Do you happen to remember the older TAMRON SP AF 28-105mm f/2.8 LD lens? The darn thing weighed 35 ounces ... and it had an 82mm-filter on it.



    I mean that size of first-element weighs quite a bit. When I placed it on the Canon EOS 20D, back in 2006 ... the camera had incredibly bad focus response ... but, on the new EOS-3 35mm-film SLR ... it was tack sharp. What gives? Both cameras are manufactured by Canon, right?

    Well, I took it into the repair depot, under TAMRON's six-year warranty, and found out that the focus circuitry in the lens needed to be updated, to accept digital focusing signals. The change was made and the lens worked as designed.

    THAT, my friend, could be precisely why your older TAMRON lenses did not respond to your new camera. If they needed the update ... it explains a lot. I mean, I had no idea this was even a problem at the time. I was lucky to have found a technician aware of it and capable of making the modification and "upgrade." (I documented the experience back in the Canon DSLR forum, around March or April 2006.)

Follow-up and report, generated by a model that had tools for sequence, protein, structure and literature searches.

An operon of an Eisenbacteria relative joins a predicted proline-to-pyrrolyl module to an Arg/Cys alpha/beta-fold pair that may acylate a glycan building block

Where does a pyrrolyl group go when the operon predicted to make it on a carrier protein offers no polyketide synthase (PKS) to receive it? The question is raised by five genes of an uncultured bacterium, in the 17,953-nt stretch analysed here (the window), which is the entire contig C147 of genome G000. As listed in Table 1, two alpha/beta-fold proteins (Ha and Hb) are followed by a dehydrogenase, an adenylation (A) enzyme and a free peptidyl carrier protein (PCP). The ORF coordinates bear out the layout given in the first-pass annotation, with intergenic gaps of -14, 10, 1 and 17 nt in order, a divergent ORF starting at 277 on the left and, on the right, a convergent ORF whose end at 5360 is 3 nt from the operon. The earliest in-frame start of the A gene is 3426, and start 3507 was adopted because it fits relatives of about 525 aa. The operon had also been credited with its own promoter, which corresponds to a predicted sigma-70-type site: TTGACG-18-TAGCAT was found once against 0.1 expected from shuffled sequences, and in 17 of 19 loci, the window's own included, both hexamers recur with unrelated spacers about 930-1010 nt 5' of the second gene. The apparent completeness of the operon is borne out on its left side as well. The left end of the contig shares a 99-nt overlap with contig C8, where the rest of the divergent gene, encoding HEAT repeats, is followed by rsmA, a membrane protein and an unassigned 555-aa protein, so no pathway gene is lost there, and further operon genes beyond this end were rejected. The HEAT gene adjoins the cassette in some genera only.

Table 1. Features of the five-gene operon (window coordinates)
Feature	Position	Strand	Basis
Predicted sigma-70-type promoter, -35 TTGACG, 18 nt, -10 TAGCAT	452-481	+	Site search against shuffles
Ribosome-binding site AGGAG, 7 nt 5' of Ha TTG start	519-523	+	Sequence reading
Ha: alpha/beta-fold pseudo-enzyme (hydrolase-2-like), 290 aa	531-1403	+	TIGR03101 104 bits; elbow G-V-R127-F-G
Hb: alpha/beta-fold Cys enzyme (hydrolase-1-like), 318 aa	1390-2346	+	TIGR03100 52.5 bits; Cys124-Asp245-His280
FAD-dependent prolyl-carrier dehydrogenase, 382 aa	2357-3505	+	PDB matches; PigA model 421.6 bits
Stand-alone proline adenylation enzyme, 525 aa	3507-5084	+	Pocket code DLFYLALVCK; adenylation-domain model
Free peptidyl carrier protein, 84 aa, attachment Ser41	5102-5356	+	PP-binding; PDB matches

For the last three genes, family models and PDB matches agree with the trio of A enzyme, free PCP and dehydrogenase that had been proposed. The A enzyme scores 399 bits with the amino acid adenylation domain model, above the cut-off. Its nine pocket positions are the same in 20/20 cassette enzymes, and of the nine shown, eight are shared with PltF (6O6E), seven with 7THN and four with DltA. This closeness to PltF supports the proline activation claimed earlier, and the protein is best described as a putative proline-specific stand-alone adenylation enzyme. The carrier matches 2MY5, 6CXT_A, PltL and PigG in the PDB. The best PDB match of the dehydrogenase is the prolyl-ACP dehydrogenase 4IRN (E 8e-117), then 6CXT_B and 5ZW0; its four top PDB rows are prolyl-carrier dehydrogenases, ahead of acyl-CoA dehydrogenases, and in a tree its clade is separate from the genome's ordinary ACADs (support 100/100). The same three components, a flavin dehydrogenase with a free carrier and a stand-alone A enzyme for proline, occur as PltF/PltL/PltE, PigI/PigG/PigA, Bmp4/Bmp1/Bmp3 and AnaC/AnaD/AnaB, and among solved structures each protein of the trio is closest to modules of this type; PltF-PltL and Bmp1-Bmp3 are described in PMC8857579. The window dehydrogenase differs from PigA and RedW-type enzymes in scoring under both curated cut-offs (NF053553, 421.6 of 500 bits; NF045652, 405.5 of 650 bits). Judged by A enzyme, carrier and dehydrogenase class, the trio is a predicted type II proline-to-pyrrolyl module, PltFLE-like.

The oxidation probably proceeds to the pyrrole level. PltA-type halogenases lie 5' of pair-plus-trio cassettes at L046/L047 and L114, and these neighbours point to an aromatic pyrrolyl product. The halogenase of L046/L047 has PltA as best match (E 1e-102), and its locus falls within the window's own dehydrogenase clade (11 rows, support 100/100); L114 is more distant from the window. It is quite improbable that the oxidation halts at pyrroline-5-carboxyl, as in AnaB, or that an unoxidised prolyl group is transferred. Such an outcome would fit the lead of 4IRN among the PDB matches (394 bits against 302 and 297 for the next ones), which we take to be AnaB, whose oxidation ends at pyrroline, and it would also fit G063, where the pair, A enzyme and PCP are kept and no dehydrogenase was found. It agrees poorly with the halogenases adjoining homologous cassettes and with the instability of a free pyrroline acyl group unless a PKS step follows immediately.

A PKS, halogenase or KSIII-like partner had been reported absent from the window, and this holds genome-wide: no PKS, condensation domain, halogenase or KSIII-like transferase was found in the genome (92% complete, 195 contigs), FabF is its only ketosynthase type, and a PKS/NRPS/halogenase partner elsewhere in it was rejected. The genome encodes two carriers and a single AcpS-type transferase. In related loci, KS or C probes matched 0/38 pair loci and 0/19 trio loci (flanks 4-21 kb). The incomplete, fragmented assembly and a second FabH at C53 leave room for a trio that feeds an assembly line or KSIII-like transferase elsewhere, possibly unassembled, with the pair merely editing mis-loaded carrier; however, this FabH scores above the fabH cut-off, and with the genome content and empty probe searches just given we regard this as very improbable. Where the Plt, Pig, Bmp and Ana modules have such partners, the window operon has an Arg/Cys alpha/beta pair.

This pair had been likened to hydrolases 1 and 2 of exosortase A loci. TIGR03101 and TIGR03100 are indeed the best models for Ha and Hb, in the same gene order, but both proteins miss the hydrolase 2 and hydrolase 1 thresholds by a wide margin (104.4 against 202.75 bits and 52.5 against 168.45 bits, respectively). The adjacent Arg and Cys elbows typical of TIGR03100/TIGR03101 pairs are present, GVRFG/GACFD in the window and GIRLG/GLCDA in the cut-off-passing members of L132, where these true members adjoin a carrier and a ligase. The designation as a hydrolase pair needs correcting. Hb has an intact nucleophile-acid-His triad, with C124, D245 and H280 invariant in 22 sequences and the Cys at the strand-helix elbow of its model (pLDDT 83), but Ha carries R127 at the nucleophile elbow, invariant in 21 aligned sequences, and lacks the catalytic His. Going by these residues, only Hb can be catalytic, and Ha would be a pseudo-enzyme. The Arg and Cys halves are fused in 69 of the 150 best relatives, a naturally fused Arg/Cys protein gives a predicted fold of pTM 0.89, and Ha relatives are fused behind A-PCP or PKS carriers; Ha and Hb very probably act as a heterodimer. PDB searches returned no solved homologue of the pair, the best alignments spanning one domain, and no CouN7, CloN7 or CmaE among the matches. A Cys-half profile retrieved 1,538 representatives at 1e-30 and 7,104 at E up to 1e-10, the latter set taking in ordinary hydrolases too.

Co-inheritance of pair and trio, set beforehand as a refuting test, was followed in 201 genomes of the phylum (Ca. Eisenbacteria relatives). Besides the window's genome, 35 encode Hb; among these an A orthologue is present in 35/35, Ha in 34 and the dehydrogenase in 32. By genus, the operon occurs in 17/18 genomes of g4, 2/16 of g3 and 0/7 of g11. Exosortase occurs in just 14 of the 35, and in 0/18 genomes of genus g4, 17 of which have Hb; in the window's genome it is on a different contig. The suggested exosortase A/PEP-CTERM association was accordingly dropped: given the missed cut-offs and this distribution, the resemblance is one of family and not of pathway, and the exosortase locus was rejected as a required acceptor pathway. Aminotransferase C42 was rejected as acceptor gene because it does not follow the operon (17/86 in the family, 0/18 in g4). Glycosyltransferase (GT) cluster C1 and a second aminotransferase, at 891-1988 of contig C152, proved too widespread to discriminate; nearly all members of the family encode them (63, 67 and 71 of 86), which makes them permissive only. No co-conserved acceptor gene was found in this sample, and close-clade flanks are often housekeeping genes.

But ... hey, you have all the answers, Jim ... pay no attention to that man under the focusing cloth.
    Last edited by DonSchap; 05-19-2009 at 08:21 PM.
    Don Schap - BFA, Digital Photography
    A Photographer Is Forever
    Look, I did not create the optical laws of the Universe ... I simply learned to deal with them.
    Remember: It is usually the GLASS, not the camera (except for moving to Full Frame), that gives you the most improvement in your photography.

    flickr & Sdi

  5. #15
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    Quote Originally Posted by DonSchap View Post

    Studio/Portrait:
    24mm f/2.8, 28mm f/2.8, 50mm f/1.4, 90mm f/2.8, 135mm f/1.8, 180mm f/3.5 & Studio lighting setup & Filter bags (~$6000)